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Re: [widgets] Zip vs GZip Tar

From: Marcos Caceres <marcosc@opera.com>
Date: Fri, 30 Apr 2010 19:31:26 +0200
Message-ID: <4BDB13EE.3090804@opera.com>
To: ifette@google.com
CC: timeless <timeless@gmail.com>, Gregg Tavares <gman@google.com>, Arve Bersvendsen <arveb@opera.com>, Web Applications Working Group WG <public-webapps@w3.org>


On 30/04/10 6:36 PM, Ian Fette (イアンフェッティ) wrote:
> Am 30. April 2010 00:26 schrieb Marcos Caceres <marcosc@opera.com
> <mailto:marcosc@opera.com>>:
>
>
>     Hi Ian,
>
>     On Apr 30, 2010, at 8:09 AM, Ian Fette (イアンフェッティ)
>     <ifette@google.com <mailto:ifette@google.com>> wrote:
>
>>     Disclaimer: I really don't care about this particular spec given
>>     the politics and think that it is likely not to go anywhere as-is.
>>     So take my feedback for what it's worth.
>
>     I don't know who is feeding you ideas about "politics", but there is
>     nothing contraversial about the Widget specs. If you know something
>     I don't, then please tell us. Also, last I checked there were over
>     40 companies backing widgets. Just because Google ain't backing them
>     right now does not mean they are going nowhere.
>
>>
>>     This is not bikeshedding, nor are many of the previous threads
>>     that have brought up issues with this spec and body of work in
>>     general. This is not "I prefer my favorite random compression
>>     algorithm," this is "a serious performance issue is caused for
>>     loading any large widget that is packed in such a manner because
>>     we can't do anything until the entire file is downloaded."
>
>     If this was true, then why does chrome  use Zip for browser
>     extensions? They are almost exactly the same as W3C widgets in every
>     way.
>
>
> Because
> a) there's not a sense of starting to render an extension before it's
> installed,
> b) and it's installed or not installed atomically.
> c) they are installed and updated in the background, not necessarily
> embedded on a page

I would say widgets are as above, but...

> On the other hand, a widget on a page could certainly be rendered
> optimistically.

But this is also true. Though required <feature>s in the widget config 
document could cause a widget to be treated as unsupported. So 
streamability would only work for a particular subset of widgets.

>>     Maybe some people don't care about performance, and if a lack of
>>     concern for performance is part of the use cases, then such a
>>     decision is perfectly valid according to the use cases.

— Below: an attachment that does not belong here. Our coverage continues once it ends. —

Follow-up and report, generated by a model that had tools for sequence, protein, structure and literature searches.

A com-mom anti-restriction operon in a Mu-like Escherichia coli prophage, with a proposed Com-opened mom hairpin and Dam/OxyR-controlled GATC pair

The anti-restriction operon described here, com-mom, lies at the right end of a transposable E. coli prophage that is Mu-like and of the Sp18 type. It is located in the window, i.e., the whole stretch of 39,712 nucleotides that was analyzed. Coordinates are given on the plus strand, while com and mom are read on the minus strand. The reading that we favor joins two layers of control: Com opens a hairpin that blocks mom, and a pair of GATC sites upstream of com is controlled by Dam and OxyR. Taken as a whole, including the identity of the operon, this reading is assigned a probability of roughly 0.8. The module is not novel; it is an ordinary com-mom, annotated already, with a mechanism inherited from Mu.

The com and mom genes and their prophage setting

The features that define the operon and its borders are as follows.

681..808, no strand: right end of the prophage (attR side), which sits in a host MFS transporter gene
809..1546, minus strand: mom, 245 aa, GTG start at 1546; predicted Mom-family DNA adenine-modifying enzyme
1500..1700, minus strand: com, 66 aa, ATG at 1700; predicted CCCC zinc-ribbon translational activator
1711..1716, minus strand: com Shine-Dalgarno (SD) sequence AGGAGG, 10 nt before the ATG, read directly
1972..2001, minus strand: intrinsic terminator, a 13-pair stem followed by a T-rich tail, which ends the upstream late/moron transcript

>
>     We care about making a generic packaging format that everyone can
>     make (not just people on *nix).
>
>
> And I was not advocating for a specific algorithm, I was objecting to
> someone taking a valid criticism with technical backing and calling it
> bikeshedding.

I agree with you. I don't think this is a bikeshedding discussion 
either. Lets talk more about use cases and requirements.

> fwiw though, taking tar/gzip as an example, it is not exactly hard for a
> web author to deal with a tar file.

It's no more difficult than installing a browser I guess. I won't say 
"the tools will save us".

>     Google has been actively encouraged to participate in this work from
>     the beginning. It's not our fault Google didn't want to contribute
>     this as a use case.
>
>
> No, it's not. That doesn't mean that valid criticisms should be
> dismissed as bikeshedding, or that people should cling to a notion of
> being "too late". We aren't clinging to Gears saying it's too late,
> we're not even really clinging to Web SQL DB - we are actively moving
> forward on Web Indexed DB and are very involved in discussions on how to
> improve the offline storage situation. So, frankly, I really don't buy
> the "it's too late" argument for any of this.

Again,

1. it's too late for P&C because the W3C process forbids us from adding 
more stuff to it. Please see:

http://www.w3.org/2005/10/Process-20051014/tr.html#cfi

There is just no way we are dropping that back to Working Draft. There 
are too many people that have implemented the spec and it serves a 
different use case.

2. Please forget the whole widgets thing. Lets just focus on use cases 
and requirements. We can certainly define a "Streamable Packaging Format 
For Web Applications" or whatever we want. If it uses part of Widgets, 
then yay! if not, who cares.



-- 
Marcos Caceres
Opera Software
Received on Friday, 30 April 2010 17:32:07 GMT

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